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George H.W. Bush

File photo

By Kevin Redding

In celebration of Presidents’ Day, local elected officials weighed in on the occupants of the Oval Office who inspired them to do what they do.

Legislator Tom Cilmi (R-Bay Shore) – Ronald Reagan/George H.W. Bush

“It would have to be Ronald Reagan. He was the first president that I became familiar with as a young adult, in terms of my interest in politics. He had such a unique ability to communicate a conservative message to the country in a way that wasn’t divisive, in a way that was inspiring and uplifting, and so I really admire him for that and so many other things.

And, of course, George H.W. Bush, who took over the Oval Office after Reagan. He was the first politician I ever helped campaign for and that was during his re-election effort in which he lost to Bill Clinton. That same year Rick Lazio ran for Congress against Thomas Downey and I got pretty heavily involved in volunteering. If it hadn’t been for that, honestly, I would not be sitting here today.

From that experience, I met a former county legislator I ended up working for for a short period of time and he introduced me to county government and lots of different folks in the party, so I would say: purely from an inspirational point of view, it would be Reagan and in terms of the one president that really motivated me to get actively involved in politics, it was George H.W. Bush.”:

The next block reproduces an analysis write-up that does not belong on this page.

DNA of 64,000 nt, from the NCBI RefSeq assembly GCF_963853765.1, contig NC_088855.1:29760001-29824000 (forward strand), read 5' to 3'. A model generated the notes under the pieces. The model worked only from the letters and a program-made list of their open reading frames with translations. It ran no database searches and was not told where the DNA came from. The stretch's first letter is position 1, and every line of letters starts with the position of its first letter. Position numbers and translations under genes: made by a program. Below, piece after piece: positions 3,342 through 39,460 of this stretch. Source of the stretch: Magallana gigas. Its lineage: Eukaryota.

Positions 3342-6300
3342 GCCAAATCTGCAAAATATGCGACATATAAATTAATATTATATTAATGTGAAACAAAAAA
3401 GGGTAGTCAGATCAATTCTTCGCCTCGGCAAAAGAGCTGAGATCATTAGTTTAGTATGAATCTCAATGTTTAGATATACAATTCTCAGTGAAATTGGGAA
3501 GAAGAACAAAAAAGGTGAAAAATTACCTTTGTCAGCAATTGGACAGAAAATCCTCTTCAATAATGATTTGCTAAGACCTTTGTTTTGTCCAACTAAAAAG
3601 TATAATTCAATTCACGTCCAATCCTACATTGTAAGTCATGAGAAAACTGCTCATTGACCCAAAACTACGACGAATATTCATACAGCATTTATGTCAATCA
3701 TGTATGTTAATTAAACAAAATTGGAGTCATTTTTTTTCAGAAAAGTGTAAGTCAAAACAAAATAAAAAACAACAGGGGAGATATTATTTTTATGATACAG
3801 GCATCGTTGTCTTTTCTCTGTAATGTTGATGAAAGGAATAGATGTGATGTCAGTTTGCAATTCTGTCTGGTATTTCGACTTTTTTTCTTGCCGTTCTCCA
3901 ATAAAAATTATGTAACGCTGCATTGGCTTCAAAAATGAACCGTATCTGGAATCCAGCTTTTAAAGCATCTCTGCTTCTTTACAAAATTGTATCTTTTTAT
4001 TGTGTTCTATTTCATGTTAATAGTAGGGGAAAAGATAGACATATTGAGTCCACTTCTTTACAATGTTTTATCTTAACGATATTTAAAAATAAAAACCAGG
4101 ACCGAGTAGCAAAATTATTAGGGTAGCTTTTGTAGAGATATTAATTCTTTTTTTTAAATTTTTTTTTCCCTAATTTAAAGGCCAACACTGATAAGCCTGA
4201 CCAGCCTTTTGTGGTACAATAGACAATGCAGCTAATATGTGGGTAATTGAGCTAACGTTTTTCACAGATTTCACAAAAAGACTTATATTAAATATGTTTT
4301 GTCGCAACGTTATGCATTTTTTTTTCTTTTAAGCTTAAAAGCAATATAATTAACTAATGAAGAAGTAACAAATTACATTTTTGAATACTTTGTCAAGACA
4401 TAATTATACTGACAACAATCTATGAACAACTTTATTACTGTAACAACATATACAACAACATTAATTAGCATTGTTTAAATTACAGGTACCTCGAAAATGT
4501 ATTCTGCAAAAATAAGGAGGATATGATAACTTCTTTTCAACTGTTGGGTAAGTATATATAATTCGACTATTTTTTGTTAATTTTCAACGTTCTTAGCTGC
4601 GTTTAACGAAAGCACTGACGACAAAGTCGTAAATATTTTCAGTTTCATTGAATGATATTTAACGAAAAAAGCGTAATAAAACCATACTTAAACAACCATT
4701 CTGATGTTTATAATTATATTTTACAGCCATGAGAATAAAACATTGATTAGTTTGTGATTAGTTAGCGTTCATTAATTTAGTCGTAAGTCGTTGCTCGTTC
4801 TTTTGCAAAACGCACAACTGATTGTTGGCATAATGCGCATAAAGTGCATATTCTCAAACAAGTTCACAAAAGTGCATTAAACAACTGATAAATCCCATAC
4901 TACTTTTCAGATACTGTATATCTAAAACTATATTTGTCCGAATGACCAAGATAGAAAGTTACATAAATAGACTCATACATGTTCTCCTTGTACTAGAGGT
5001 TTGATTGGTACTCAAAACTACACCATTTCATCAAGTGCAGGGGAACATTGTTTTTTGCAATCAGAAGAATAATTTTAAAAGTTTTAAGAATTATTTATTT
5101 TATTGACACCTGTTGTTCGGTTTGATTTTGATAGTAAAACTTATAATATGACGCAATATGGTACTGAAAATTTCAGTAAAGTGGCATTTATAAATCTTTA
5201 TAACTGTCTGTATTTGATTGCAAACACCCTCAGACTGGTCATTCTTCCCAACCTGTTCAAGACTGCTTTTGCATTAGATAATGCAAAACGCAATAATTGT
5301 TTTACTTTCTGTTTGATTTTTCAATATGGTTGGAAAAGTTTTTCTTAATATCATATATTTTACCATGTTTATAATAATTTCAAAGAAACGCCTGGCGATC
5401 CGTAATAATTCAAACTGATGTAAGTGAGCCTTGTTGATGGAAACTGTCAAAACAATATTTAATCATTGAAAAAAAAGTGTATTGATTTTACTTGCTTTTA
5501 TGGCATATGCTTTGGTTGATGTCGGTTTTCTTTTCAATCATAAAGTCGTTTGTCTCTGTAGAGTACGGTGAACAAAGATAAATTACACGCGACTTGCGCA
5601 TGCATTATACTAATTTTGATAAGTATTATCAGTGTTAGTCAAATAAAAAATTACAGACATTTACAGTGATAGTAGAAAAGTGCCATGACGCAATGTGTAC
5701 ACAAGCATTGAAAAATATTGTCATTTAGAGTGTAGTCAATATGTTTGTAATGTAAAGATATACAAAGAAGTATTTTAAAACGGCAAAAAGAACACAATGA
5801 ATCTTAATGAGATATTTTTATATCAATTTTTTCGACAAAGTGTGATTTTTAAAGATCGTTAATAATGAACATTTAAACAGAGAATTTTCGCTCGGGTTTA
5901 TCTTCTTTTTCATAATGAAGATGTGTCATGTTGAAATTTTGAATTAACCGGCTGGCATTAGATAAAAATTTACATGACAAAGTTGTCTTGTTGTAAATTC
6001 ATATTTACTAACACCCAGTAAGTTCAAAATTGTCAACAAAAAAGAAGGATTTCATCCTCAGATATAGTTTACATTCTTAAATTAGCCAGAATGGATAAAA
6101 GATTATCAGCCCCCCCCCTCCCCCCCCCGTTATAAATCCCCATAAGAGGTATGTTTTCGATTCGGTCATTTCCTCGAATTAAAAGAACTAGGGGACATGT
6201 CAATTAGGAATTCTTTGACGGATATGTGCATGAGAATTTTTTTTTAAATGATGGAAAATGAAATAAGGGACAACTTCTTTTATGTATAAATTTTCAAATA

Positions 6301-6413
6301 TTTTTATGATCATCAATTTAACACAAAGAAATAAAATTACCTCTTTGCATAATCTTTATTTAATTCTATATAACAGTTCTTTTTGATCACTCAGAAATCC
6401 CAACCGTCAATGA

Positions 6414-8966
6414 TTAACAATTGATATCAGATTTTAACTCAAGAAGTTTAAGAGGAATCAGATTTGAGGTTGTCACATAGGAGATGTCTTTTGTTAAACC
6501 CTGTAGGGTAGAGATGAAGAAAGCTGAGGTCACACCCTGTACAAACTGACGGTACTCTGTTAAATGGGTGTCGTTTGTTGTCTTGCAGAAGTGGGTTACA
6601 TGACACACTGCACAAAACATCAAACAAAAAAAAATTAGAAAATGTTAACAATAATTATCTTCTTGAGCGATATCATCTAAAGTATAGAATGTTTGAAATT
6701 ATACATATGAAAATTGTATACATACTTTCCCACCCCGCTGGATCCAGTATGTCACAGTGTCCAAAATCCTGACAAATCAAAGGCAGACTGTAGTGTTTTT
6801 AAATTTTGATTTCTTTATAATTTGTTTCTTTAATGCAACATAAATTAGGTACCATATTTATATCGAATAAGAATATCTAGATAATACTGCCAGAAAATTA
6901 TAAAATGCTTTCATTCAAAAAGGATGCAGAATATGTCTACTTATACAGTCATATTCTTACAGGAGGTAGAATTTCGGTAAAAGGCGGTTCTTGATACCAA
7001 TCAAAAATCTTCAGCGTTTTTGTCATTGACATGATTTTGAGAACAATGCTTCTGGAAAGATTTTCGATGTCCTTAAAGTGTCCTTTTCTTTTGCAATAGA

Legislator Al Krupski (D) – George Washington

“I think he was someone that really believed in a cause. In his case, the cause was an independent America and he was willing to sacrifice his time and his family’s time to make that happen. He certainly took great personal risks as a general and, again, as president, he sacrificed his time and the rest of his life was dedicated towards the country.

The way he was able to handle power was admirable. The rest of the world thought he was going to become a dictator, and he could’ve, but he didn’t. He didn’t want to be the dictator. He wanted America to be a democracy; he believed in that. I’ve always liked history and I’ve always read about history and been [fascinated] by him pretty much my whole life. If you look at his cabinet, he surrounded himself with people with diverse backgrounds and ideologies and I’ve always listened to people with different viewpoints. I think that kind of mentality as a leader is important: to not just have a bunch of “yes men” but being able to listen to people with different viewpoints.”

Brookhaven Town Supervisor Ed Romaine (R) John F. Kennedy